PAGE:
Health by Design
We rushed into a nondescript building, seeking shelter from the relentless deluge of Malawi’s rainy season. A roomful of women stared back at us—19 on that day, but the number had been known to double. At nine months pregnant, these brave women had walked hours from their villages in order to be closer to critical care, should they need it during labor. In this case, that care was a low-tech clinic, just a stone’s throw away from this brick box, with little more than a dozen straw mats on the cold dirt floor. With only a few remaining panes of glass in the window frames, paint peeling from the plaster walls, and no electricity, this abandoned building had been repurposed as a refuge for expectant mothers.
It was a year ago that Aspen Global Health & Development invited my partner and me—a journalist and a designer, respectively—to travel to Malawi as part of a delegation focused on maternal health and safe motherhood. Joyce Banda, the president of this small country in East Africa, was a member of Aspen’s Global Leaders Council on Reproductive Health, and had made improving the country’s maternal health rates a top priority of her administration. A centerpiece of the initiative was a commitment to build 150 maternal waiting homes to replace the crowded brick boxes like the one we observed.
At the time of our visit, 1 in 36 women died during or as a result of childbirth in Malawi—the second-worst rate in the world, second only to Sierra Leone. In the U.S., for the sake of comparison, the rate is 1 in 2,400.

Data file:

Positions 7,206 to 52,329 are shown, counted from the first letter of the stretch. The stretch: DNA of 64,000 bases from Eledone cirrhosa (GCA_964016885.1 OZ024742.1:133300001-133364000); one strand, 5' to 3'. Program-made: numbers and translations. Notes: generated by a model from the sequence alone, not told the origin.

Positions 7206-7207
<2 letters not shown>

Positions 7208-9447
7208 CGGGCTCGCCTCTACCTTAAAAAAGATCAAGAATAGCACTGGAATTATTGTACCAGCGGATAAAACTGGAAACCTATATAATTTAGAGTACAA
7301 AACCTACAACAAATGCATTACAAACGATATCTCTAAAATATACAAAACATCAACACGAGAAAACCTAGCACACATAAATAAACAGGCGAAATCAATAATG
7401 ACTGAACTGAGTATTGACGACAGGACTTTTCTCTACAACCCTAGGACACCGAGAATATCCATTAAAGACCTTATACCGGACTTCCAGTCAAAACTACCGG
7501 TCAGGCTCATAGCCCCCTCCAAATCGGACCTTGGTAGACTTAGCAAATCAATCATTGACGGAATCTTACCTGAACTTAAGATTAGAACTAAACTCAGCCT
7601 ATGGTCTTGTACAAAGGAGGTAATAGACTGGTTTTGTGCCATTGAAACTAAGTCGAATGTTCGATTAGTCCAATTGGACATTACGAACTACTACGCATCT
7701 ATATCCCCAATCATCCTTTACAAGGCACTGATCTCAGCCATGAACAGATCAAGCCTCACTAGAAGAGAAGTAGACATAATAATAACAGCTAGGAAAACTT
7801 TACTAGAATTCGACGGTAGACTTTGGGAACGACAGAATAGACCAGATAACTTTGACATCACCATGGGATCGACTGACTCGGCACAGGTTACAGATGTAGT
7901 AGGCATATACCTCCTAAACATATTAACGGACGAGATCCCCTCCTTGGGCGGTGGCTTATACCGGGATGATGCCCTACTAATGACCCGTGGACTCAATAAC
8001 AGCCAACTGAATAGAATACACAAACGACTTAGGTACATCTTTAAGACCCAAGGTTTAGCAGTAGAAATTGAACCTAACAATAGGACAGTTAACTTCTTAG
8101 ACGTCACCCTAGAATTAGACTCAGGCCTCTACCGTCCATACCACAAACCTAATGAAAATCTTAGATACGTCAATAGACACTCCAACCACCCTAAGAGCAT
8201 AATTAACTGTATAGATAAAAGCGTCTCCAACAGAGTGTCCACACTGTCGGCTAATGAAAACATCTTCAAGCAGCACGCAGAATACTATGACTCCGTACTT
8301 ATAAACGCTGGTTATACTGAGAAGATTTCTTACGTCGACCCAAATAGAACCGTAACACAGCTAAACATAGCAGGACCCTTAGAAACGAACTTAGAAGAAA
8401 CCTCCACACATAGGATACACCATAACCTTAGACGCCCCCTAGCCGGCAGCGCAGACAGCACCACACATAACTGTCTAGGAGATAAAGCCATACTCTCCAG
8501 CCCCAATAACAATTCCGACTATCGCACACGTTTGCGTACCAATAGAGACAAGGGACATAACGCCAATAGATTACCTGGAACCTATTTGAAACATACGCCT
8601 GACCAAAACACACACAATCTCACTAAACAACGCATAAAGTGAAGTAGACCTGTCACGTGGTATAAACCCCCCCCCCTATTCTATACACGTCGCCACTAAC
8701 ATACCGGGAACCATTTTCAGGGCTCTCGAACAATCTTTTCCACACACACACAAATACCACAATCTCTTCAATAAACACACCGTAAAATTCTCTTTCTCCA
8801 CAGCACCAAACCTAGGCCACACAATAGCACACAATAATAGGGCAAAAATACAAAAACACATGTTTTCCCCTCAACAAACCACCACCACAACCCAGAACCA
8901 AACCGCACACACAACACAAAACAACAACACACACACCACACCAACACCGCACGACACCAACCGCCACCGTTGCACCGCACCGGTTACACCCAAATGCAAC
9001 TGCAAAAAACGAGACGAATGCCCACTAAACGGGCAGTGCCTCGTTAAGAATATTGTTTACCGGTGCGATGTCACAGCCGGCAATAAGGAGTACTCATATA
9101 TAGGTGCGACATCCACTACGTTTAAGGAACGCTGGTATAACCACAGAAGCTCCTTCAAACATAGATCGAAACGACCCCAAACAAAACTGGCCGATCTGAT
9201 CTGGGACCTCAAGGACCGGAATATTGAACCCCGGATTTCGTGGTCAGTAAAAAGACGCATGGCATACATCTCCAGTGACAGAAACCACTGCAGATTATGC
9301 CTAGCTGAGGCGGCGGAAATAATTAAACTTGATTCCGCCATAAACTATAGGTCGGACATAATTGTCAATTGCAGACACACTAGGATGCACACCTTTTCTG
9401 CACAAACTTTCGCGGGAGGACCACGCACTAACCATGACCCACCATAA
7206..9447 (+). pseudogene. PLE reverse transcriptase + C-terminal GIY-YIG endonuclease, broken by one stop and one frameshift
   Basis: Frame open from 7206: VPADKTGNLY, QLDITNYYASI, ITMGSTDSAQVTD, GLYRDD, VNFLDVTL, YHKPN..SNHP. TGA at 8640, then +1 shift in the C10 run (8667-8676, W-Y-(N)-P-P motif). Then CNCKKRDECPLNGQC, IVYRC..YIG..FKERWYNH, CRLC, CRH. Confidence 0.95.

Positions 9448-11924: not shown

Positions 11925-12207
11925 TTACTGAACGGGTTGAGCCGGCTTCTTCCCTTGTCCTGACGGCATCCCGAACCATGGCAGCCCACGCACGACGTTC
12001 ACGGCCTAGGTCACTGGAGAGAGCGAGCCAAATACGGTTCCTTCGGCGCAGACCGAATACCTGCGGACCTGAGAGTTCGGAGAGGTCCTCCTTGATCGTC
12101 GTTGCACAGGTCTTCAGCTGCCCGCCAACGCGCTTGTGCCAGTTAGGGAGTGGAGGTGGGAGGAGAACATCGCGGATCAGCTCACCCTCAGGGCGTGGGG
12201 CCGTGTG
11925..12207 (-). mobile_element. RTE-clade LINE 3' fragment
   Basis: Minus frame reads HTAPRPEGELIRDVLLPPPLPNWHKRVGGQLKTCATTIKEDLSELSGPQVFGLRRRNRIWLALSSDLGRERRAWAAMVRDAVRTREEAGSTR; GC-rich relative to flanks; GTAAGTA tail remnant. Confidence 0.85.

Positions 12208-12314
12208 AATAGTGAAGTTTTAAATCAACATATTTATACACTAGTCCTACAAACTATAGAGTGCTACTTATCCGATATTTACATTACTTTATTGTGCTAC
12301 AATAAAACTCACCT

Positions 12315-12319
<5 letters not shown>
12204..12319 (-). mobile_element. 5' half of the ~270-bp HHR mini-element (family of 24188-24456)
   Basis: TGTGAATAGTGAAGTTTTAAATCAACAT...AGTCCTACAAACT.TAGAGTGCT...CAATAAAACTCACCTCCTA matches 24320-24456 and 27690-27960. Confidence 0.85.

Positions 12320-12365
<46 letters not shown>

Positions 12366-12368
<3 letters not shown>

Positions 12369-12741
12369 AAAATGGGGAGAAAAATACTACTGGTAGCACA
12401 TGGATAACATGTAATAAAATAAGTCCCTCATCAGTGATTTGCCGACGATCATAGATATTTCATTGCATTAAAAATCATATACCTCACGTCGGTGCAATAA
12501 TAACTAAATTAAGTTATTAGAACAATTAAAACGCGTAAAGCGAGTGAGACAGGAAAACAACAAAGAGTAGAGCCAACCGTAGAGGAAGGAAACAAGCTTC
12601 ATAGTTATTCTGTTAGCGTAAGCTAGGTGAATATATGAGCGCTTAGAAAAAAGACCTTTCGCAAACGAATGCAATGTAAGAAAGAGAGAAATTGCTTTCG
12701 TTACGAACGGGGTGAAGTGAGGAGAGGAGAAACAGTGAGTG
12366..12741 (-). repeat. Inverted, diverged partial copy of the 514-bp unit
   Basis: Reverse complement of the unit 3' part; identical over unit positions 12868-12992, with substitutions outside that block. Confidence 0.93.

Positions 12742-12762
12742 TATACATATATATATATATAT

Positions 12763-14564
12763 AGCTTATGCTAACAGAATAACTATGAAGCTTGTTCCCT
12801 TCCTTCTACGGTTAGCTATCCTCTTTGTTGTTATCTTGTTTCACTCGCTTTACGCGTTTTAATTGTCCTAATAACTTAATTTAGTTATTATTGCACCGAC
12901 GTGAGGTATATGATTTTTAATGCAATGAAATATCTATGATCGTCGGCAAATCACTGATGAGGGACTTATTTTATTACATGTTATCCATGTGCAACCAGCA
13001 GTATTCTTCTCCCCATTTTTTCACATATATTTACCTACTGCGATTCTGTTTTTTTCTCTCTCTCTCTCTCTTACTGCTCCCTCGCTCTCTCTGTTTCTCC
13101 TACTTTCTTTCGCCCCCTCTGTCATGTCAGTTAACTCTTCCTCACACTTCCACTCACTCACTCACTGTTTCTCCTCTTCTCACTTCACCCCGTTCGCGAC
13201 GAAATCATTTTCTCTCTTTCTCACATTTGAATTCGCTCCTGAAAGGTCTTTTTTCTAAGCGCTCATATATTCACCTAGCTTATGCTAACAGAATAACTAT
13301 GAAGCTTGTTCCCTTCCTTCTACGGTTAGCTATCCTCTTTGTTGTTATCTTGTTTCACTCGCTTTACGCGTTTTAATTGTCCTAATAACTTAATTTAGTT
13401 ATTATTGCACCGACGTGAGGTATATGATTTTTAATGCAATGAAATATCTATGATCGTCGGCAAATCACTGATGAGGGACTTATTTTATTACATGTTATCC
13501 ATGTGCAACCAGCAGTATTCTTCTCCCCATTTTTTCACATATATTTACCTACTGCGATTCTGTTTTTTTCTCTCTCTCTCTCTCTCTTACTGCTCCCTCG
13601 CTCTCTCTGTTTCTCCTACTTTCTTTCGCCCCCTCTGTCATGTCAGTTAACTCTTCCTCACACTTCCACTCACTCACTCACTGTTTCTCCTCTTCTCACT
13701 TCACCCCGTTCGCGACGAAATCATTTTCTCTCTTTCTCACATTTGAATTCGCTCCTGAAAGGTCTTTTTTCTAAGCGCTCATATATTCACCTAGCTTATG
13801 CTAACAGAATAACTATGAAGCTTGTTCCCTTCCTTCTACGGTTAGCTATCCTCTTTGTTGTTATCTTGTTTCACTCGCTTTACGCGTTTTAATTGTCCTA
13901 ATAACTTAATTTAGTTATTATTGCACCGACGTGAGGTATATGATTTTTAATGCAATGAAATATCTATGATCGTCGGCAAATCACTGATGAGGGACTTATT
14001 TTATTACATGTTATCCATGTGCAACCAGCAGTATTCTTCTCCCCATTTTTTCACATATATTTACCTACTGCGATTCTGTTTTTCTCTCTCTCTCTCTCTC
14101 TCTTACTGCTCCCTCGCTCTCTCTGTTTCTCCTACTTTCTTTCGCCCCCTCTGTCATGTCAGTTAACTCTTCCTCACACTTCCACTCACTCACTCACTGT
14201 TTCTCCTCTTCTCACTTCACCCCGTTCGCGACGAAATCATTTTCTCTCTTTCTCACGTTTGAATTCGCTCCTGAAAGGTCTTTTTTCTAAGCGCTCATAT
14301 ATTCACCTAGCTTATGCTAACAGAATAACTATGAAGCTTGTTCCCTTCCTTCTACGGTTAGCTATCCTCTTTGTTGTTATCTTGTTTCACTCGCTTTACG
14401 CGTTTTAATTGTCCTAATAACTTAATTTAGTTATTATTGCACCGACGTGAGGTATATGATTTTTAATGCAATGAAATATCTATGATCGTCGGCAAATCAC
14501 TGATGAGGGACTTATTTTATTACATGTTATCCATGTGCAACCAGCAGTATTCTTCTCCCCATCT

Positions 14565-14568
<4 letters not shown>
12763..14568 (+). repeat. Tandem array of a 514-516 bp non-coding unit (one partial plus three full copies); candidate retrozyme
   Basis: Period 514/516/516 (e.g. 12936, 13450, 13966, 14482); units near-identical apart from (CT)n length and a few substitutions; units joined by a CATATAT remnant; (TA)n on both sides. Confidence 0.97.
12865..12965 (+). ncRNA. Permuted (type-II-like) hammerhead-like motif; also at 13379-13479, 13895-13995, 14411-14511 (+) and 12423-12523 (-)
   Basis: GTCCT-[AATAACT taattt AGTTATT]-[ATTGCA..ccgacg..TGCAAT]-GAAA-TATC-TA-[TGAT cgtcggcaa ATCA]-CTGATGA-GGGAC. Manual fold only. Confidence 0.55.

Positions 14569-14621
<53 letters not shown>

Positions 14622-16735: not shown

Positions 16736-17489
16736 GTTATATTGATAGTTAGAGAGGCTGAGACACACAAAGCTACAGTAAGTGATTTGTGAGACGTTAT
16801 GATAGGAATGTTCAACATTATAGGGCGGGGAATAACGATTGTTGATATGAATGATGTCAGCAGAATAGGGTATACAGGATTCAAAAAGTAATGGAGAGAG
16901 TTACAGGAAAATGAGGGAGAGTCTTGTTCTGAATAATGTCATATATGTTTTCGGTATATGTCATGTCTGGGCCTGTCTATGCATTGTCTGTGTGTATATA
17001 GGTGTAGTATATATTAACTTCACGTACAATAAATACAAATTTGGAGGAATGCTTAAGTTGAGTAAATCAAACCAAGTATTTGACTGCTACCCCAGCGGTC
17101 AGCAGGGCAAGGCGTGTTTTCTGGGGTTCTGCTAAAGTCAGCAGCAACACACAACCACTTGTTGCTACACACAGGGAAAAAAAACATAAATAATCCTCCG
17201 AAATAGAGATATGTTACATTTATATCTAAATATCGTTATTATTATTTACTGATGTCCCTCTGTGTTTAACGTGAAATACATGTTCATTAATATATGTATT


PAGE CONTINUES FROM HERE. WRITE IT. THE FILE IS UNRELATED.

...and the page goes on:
At face value, maternal health and design would seem to have little to do with one another. Even after flying around the world, the connection still wasn’t clear to me, until I stepped into that building, located in Malawi’s Dowa District. I was familiar with low-cost, life-saving health devices, such as the Embrace infant warmer, which is an alternative to difficult-to-maintain incubators. I was also familiar with a groundbreaking partnership between nonprofit architecture firm MASS Design Group and Paul Farmer’s Partners in Health, improbably resulting in a state-of-the-art hospital in rural Rwanda.
But Malawi’s challenges very clearly transcended a single product or building. The cultural challenges and implications—for mothers, their families, traditional birth attendants, and countless others—required a systems approach, coupled with infrastructure, like the waiting homes. Such an approach, centered around the needs of expecting mothers, is where design has a huge role to play.
Design dignifies. Whether a light-filled building that does more than provide shelter, a life-saving product where traditional health devices have failed or never even reached, or access to health services in those “last mile” settings, the thoughtful design of each reflects back to people that they have worth. And, of course, it saves lives.
It’s in this spirit that the new “Spotlight: Health” program of the Aspen Ideas Festival has identified design as one of four tracks. Speakers will teleport us to the front lines of global health, in places like Africa and rural India, but the track will also pose tough questions about the design of our U.S. healthcare system. A candid, solutions-oriented discussion about how we’ve designed—and can better design—the healthcare experience for people around the world is long overdue.
John Cary is the author of The Power of Pro Bono and founding editor of PublicInterestDesign.org. He was a 2007 Aspen Ideas Scholar and will be a speaker at the Festival’s Spotlight: Health, June 24-27, 2014.
NOTE: This was originally posted Jan. 29, 2014